||Lessons For Canada: Wireless Pricing-
A Cross-National Survey: U.S. Canada, and Europe [SPECIAL DOUBLE ISSUE]
July 2005 - IGB
Grant 514-849-3508 Brian Sharwood 416-413-9381 & Alicia Wanless 416-413-1636
Canadian wireless penetration is among the lowest in the industrialized
world. Canada places 3rd last amongst the top 30 OECD countries. This
paper sets out to assess whether Canadian wireless and wireline pricing
is a factor. The research encompassed
three separate customer profiles, as well as prepaid and wireline services
in four cities in
Canada, three in the U.S. and three in Europe. We look at three or four
offerings in each market.
- The average wireless customer in Canada pays
60% more than if they had used a U.S. plan. The average
Canadian wireless customer also pays a 19% premium when compared
with customers of European carriers when
profiles are priced and adjusted for purchasing power parity.
- While Canada offers plans at parity rates for prepaid and low-end
user profiles, Canada is significantly more expensive than the U.S.
that cover more than just ‘glove compartment usage’.
- For phone-a-holics there is no doubt – move to the U.S.
U.S. carriers offer plans at significant discounts to plans crafted
to meet identical profiles in either Canada or Europe. We note that U.S.
company shareholders may well be leaving
money on the table, but, still … Canadians pay a significant
premium for the sound of Canadian wireless dialtone.
- For low-usage customers,
London and Berlin carriers offered services for less then even
the incumbent phone companies prices for wired service.
Wireless for less – who
- Low-cost access to wireless services has driven adoption in the
past. But the cost of the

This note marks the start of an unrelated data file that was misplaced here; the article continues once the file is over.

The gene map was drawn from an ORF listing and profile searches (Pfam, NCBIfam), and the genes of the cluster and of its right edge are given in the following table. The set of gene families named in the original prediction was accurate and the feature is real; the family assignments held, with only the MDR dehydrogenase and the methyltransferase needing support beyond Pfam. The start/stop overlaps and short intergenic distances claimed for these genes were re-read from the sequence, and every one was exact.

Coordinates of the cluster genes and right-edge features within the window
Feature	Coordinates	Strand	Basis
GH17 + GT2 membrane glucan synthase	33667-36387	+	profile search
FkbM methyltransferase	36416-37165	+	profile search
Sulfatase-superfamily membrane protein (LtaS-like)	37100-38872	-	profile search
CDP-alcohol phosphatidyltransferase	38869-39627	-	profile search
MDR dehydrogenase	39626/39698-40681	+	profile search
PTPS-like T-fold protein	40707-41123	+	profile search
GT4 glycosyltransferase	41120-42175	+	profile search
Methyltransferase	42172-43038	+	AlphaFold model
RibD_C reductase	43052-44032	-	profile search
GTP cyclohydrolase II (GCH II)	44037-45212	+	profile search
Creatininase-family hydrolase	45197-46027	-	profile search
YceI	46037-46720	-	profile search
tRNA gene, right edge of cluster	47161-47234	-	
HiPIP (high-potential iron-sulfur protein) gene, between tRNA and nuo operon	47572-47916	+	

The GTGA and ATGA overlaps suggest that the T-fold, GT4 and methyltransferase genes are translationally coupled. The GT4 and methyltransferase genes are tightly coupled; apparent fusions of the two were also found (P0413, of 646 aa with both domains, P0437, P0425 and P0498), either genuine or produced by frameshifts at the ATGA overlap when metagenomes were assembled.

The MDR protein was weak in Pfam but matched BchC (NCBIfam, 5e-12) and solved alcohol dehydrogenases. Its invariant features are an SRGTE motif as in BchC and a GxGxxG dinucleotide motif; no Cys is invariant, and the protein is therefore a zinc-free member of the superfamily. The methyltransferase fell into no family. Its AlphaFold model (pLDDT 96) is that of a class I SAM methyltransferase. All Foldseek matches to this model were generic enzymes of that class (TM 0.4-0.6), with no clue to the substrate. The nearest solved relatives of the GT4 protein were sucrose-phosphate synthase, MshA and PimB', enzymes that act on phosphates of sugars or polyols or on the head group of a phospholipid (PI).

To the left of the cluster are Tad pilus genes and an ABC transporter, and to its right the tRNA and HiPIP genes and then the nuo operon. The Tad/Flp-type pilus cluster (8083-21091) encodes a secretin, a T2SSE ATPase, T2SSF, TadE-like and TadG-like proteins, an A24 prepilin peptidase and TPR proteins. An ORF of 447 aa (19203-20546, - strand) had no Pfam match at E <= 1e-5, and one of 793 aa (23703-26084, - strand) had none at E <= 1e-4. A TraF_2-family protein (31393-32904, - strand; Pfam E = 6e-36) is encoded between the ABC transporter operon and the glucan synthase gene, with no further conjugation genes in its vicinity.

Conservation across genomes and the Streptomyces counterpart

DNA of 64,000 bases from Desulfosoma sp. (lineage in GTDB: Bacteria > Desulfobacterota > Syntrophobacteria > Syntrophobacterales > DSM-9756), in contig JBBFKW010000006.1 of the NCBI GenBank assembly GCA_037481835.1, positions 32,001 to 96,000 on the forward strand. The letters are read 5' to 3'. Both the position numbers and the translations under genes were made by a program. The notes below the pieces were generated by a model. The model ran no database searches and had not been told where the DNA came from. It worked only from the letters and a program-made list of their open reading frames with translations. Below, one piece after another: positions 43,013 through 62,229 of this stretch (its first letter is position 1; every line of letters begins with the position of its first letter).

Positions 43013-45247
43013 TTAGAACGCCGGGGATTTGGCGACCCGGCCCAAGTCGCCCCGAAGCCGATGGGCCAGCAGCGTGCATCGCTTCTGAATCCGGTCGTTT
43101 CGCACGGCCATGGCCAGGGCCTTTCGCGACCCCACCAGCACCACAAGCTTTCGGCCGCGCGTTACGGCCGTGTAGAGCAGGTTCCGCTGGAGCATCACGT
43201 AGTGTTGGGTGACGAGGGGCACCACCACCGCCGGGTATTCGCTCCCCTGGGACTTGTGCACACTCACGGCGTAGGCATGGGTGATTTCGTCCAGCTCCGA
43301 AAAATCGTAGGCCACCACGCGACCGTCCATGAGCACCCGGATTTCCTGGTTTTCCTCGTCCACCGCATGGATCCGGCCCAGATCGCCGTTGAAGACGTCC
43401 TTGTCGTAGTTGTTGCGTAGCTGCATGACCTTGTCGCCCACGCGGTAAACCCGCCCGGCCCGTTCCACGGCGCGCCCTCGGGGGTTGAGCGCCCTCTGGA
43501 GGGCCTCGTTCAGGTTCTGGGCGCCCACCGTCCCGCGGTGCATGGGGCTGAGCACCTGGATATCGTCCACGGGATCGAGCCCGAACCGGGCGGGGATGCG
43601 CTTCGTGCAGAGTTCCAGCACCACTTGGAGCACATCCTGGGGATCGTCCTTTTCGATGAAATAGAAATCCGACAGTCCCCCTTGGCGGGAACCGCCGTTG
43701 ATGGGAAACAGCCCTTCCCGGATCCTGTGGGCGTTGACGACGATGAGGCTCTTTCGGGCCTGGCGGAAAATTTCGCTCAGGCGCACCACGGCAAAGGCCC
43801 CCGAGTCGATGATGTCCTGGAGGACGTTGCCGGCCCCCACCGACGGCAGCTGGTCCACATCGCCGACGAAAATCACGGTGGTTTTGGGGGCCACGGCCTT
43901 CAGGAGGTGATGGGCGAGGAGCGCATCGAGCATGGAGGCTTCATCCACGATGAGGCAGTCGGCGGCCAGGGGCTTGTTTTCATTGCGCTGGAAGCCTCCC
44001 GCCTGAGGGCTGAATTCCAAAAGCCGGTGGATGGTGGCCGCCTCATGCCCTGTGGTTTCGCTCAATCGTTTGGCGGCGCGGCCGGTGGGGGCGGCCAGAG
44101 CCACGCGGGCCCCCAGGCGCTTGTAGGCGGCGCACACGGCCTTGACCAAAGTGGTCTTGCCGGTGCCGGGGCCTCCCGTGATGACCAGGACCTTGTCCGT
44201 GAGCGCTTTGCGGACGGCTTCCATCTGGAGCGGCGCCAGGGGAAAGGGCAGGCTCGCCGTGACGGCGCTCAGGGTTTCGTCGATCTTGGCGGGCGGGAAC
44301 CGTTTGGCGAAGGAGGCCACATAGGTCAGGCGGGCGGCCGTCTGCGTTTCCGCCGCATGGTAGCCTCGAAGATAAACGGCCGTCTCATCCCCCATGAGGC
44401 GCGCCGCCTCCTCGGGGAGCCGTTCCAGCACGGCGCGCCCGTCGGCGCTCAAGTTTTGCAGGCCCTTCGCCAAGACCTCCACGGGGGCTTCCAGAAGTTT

alternative access, the wireline phone, is changing too. Wireline
prices in both Europe and the
U.S. have come down dramatically over the last three years. We believe
the high wireline prices
had been a driver for wireless penetration growth. The recent drops
in wireline prices may
provoke movement back to wireline services and this trend to wireline
alternatives will be
exacerbated by introduction of VoIP services which will make the
wireline price advantages ever
more compelling – especially in Canada and Europe due to expensive
mobile LD plans.
- Within the prepaid market, Virgin Mobile Canada seems to be
an anomaly among the Virgin
mobile companies. Virgin’s Canadian prices are in the mid-range
of market offerings, while in both LA and London, Virgin is a price
leader –well below market
- Rogers, with its Fido brand, has the most compelling Canadian
strategy of having both the
least expensive prepaid product in the market, while the primary
Rogers brand, with its
broader access reach, remains a higher price, higher value product.
and U.S. carriers all include “features” within
plans. A move we counsel to Canadian
carriers. Including customer-friendly and customer-empowering features,
such as voice mail, call
waiting and 3-way calling, makes the mobile phone more useful.
It generates more revenue
through increased usage. Virgin Mobile Canada deserves credit as
the only Canadian carrier
surveyed to adopt the strategy.
- Canadian carriers need to encourage their customers to use their
phones – not
for use – and look to the U.S.; provide Canadians with less complex
maximum pricing, add-in the features and guess what? – usage
will go up, our reliance on the
mobile phones will increase, and migration from landline will take
- Worry less about the financial analysts. They really are a small
market. They will be convinced by
results – they can be trained to overcome their ARPU fixations.
Grow your customer base. We
have another 55% or more market penetration to achieve. The money
- Long Distance in the wired world is creeping closer to
free. Get with the programme. As the
mobile phone becomes the key personal accessory reinforce the pattern.
Stop penalizing users
with long distance charges. Embrace the trend to free – include ‘long
distance’ minutes in the
general minute bucket. If your network architecture costs you too
much, replace it with an IP
fabric – but take the marketing high road.
- For Rogers this is
particularly compelling as long distance minutes moved to wireless
pocket of their biggest competitors, Bell and Telus.